Category Archives: Assistive Technology Software

ATS Service iPad Courses

Atss iPad courses May 2015


A Gaelic Voice

CALL Scotland has been awarded funding by The Scottish Government Gaelic and Scots UnitScottish Funding CouncilScottish Qualifications Authority and Bòrd na Gàidhlig to develop, along with CereProc, a digital voice in Gaelic.

This is fabulous news and means that Gaelic users will now be able to benefit from a quality voice to support writing and/or reading.

Cereproc is the Edinburgh-based digital voice company that brought us the now familiar, Stuart and Heather that are so widely used across Scottish schools.

Read Paul’s blogpost here for all the details.


iPads for Communication, Access, Literacy and Learning (iCALL) (2nd Edition)

The team at CALL Scotland has updated and expanded their iCALL book to take in new developments under IOS 7.1

This (free) book is a must for any school looking to develop support for pupils using iPads. Loads of useful information and pointers to the ‘best so far’ apps as well as tips to avoid the pitfalls.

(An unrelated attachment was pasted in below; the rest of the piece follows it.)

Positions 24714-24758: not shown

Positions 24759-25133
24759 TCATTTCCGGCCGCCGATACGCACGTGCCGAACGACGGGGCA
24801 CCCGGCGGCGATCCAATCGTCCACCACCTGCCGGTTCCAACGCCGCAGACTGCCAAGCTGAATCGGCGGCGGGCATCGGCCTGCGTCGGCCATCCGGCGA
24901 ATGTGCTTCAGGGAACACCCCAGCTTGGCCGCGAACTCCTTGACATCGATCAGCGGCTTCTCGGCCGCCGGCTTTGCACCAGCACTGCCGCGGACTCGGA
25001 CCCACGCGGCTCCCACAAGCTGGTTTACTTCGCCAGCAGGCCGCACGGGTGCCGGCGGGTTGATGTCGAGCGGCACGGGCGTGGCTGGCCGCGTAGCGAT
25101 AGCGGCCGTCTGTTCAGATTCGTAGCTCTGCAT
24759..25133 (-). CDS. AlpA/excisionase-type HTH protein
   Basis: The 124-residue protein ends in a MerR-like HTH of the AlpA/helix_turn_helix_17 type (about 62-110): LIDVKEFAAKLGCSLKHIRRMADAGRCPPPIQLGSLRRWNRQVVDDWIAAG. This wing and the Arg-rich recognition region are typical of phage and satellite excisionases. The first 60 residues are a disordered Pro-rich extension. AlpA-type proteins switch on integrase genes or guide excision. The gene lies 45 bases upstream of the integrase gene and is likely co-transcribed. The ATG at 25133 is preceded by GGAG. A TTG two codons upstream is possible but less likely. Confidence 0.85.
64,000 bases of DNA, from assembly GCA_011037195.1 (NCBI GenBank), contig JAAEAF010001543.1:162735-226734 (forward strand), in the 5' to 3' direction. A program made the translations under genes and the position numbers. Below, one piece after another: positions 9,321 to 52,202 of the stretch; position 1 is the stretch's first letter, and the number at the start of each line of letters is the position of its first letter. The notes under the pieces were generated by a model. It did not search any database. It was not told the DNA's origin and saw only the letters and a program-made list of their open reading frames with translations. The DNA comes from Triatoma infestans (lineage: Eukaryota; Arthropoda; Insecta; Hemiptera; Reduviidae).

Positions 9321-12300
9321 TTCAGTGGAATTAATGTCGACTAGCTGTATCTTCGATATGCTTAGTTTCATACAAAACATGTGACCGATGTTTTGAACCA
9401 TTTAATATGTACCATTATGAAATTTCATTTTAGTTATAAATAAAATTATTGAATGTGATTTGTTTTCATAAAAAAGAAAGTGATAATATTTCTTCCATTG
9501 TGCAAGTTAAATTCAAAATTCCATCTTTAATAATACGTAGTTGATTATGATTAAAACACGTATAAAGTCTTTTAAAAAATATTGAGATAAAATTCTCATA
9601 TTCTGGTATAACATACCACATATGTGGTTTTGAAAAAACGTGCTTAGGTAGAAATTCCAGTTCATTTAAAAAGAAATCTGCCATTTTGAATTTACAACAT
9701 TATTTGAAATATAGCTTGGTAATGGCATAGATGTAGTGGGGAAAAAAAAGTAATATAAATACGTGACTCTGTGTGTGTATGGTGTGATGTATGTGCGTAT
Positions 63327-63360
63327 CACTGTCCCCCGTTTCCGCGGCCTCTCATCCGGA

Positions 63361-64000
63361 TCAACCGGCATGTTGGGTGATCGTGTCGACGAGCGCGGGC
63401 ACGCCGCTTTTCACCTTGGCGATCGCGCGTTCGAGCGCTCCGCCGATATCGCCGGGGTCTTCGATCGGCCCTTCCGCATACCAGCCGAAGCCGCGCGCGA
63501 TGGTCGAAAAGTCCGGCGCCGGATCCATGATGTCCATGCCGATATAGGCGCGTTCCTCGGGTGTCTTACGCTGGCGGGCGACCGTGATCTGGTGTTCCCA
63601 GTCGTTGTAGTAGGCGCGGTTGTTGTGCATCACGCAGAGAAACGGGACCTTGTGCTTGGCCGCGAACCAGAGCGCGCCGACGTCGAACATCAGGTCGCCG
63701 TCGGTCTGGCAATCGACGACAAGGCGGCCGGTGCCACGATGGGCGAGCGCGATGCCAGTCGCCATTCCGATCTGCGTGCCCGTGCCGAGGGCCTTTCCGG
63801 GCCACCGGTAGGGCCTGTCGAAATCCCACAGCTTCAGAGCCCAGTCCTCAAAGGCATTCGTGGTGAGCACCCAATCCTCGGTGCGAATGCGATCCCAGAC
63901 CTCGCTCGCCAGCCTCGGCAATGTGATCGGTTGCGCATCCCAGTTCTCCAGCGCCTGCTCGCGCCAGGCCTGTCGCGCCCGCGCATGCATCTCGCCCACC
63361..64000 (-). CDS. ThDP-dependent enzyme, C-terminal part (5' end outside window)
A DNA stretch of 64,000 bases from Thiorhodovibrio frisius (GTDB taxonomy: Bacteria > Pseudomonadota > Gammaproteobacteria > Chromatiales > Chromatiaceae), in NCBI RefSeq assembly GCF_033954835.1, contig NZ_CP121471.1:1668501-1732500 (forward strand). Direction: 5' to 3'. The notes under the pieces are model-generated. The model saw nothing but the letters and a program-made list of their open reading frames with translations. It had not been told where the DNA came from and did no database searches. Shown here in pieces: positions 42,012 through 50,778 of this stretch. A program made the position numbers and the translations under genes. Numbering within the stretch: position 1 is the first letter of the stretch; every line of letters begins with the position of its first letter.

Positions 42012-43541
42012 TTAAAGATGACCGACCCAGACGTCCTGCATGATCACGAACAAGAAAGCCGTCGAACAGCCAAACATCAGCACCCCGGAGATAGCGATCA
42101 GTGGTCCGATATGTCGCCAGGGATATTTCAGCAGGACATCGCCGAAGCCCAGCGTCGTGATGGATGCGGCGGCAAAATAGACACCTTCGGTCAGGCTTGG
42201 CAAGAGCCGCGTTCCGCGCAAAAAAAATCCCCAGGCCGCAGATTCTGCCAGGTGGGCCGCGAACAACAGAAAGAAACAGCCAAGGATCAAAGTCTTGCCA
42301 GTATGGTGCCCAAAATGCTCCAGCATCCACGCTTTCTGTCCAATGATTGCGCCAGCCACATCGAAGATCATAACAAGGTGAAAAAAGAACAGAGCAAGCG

Click image to download your copy from the CALL Scotland website.

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iPad Apps for AAC from CALL Scotland

Our friends at CALL Scotland, Sally Millar and Gillian McNeill in particular, have produced another fantastically well-considered and well-designed app wheel: this time for apps that support the development of, or the full-blown use of Augmentative and Alternative Communication (AAC).

Read about it and download or interact with your own copy (the app icons are all linked to further info) from the CALL Scotland blog.

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ICT & Inclusion Roadshow 2014 – Inverness

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The Assistive Technology Support Service is thrilled to announce that one of this session’s ICT & Inclusion Roadshow events is to be held in Inverness.

This well-established touring event returns for the first time since 2009 and brings together expertise from CALL Scotland, BRITE, as well as developers and suppliers of Assistive Technologies that support the inclusion of many of our pupils. It’s a chance to hear up-to-date news and developments (of which there are many) and to speak to the experts, face-to-face.

We hope that many teachers will attend the day (or part) and that we will be joined by our colleagues from Speech & Language and Occupational Therapy. Parents are also very welcome.